New masked-owl named from Indonesia

Up close and personal with Seram Masked-owl. Photo: M K Poulsen.
Up close and personal with Seram Masked-owl. Photo: M K Poulsen.

The lower montane forests of the island of Seram, Indonesia, have produced a new species of Tyto owl, named Seram Masked-owl T almae.

A member of the barn owl family Tytonidae, the new species differs from the two nearest species by about 3 per cent in its mitochondrial DNA, and has distinctly barred and more extensively golden-brown wings and tail.

Part of the endemic species-rich archipelago of Indonesia, Seram has at least 14 endemic species of bird. some are owls, and due in part to their secretive, nocturnal habits, these are only now having their diversity adequately examined. Even large owls remain partially unquantified, and one such group is the masked-owls, congeneric with our familiar Barn Owl T alba.

Seram has its own masked-owl, formerly assigned to Lesser Masked-owl T sororcula, which is found on the nearby South Moluccan islands of Buru and Tanimbar on the basis of an individual photogrpahed in Manusela NP in 1987. The form has remained uncaptured and hence undescribed ever since.

In early 2012 a team from the Natural history Museum of Denmark and the Indonesian Institute of Sciences were conducting bird surveys in the same park, when a Tyto owl was netted on the edge of a mountain slope forest clearing. Observations of the animal's plumage indicated that it might be a new form, and assessment at the camp confirmed this.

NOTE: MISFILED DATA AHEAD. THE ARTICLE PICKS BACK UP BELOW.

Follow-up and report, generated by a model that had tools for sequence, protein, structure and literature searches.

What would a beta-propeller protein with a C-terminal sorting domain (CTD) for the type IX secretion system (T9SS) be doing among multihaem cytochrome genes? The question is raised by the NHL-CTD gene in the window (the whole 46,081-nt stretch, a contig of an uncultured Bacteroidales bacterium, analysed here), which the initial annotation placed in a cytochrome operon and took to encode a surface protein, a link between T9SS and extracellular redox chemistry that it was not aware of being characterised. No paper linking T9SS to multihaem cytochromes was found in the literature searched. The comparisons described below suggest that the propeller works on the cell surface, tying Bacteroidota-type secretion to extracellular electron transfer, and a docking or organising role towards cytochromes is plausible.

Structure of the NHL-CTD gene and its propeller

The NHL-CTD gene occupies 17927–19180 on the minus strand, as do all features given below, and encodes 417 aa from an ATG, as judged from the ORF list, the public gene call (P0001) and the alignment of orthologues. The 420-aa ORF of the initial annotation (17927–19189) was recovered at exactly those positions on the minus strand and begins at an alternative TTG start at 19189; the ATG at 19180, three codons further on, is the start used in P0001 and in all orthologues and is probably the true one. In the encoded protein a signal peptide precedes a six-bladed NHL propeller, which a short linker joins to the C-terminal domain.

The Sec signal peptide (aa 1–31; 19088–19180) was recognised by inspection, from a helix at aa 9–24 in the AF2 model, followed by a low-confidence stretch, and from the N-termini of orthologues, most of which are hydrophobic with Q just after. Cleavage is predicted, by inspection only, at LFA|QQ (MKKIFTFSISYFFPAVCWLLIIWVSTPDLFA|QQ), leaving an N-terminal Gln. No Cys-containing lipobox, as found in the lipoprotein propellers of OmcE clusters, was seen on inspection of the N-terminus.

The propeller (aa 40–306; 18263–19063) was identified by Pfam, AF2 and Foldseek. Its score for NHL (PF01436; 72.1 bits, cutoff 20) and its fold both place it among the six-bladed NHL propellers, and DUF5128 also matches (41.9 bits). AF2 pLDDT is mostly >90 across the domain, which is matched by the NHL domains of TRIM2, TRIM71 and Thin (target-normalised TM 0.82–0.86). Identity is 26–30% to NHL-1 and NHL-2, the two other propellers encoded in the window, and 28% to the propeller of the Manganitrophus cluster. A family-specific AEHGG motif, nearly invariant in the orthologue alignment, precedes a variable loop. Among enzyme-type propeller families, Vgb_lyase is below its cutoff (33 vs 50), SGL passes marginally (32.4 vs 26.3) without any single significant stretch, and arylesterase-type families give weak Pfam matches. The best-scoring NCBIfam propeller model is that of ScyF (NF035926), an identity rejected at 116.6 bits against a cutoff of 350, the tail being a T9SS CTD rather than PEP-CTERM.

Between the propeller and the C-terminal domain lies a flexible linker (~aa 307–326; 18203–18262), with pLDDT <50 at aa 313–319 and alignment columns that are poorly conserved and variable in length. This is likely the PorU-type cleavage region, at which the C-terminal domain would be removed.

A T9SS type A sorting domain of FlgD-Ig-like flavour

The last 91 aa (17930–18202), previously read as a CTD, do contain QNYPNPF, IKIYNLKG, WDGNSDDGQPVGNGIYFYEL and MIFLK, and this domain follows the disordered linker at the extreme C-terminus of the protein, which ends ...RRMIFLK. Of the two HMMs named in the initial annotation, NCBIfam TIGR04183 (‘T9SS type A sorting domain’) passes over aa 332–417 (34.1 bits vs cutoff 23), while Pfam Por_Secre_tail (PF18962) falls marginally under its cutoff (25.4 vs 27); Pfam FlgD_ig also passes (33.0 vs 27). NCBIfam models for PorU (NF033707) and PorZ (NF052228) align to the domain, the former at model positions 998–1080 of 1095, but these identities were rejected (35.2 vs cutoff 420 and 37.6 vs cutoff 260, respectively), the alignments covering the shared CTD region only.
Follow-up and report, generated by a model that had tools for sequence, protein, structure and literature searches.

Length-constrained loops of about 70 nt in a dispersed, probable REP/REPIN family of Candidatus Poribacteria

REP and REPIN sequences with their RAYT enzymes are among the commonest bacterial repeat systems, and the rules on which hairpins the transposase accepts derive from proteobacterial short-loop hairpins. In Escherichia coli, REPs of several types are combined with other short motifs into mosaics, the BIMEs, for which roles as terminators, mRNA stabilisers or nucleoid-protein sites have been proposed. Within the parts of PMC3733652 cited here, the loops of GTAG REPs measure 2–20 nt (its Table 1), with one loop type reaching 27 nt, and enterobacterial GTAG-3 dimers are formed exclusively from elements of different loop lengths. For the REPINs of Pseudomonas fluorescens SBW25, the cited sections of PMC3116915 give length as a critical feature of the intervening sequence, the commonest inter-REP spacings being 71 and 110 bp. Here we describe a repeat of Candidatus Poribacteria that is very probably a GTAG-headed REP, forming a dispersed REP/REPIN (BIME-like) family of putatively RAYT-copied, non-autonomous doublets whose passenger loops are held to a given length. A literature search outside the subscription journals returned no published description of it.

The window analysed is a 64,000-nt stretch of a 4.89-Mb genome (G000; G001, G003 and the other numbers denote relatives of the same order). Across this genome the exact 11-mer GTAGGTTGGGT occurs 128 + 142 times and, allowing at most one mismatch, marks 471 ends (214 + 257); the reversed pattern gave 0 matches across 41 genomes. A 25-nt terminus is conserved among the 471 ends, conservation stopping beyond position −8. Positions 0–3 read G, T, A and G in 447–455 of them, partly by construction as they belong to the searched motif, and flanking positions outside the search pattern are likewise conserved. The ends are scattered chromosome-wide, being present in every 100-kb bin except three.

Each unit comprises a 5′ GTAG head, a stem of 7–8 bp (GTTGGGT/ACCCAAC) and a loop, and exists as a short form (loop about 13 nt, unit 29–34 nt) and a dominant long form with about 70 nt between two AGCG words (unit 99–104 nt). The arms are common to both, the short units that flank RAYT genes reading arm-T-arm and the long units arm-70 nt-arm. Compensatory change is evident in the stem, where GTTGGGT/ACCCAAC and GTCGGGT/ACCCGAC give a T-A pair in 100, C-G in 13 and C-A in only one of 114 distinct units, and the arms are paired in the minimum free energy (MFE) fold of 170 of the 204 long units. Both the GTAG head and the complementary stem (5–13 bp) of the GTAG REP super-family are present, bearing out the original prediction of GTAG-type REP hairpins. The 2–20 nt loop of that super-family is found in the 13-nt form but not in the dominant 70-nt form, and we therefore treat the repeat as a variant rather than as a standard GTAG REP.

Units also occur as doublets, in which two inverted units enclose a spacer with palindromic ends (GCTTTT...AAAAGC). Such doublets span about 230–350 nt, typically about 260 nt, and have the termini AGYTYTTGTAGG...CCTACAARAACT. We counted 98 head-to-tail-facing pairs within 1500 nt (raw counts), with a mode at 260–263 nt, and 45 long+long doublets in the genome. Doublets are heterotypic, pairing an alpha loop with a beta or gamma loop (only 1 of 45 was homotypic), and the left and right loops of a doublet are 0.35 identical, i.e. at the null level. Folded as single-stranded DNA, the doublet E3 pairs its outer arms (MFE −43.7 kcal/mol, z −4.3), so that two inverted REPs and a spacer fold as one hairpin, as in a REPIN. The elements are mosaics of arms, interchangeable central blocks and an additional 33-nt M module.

Knud Jønsson with the first specimen of Seram Masked-owl. Photo: M K Poulsen.

Comparisons of mitochondrial DNA sequences from the Australian sooty owls, close relatives of T sororcula, showed a difference of around 3 per cent, about twice as much as the South Moluccan form, and recordings of the bird's shriek also revealed differences, being lower in tone.

Though based on just one specimen, the adult female T almae's tarsus was 3 mm longer than the next largest form and its bill 2 mm longer, but its wing and tail measurements fell within the variation of T sorocula from Buru (T s cayelli).

Based on these observations, the team have described the bird as a new species. However, and inadvertent result of the analysis has been the team's controversial recommendation that Australian Masked-owl T novaehollandiae, T sororcula and Manus Masked-owl T manusi be lumped as a single polytypic species, due to their closer relationship than the Seram form which is basal to the other three. Seram Masked-owl, despite being of low density and limited range, is believed to not be under direct threat, and relatively secure within its designated national park.

Jønsson, K A, Poulsen, M K, Haryoko, T, Reeve, A H, and Fabre, P-H. 2013. A new species of masked-owl (Aves: Strigiformes: Tytonidae) from Seram, Indonesia. Zootaxa 3635: 51-61.

Tri Haryoko and Knud Jonsson examine Tyto almae back at camp.
Photo: M K Poulsen.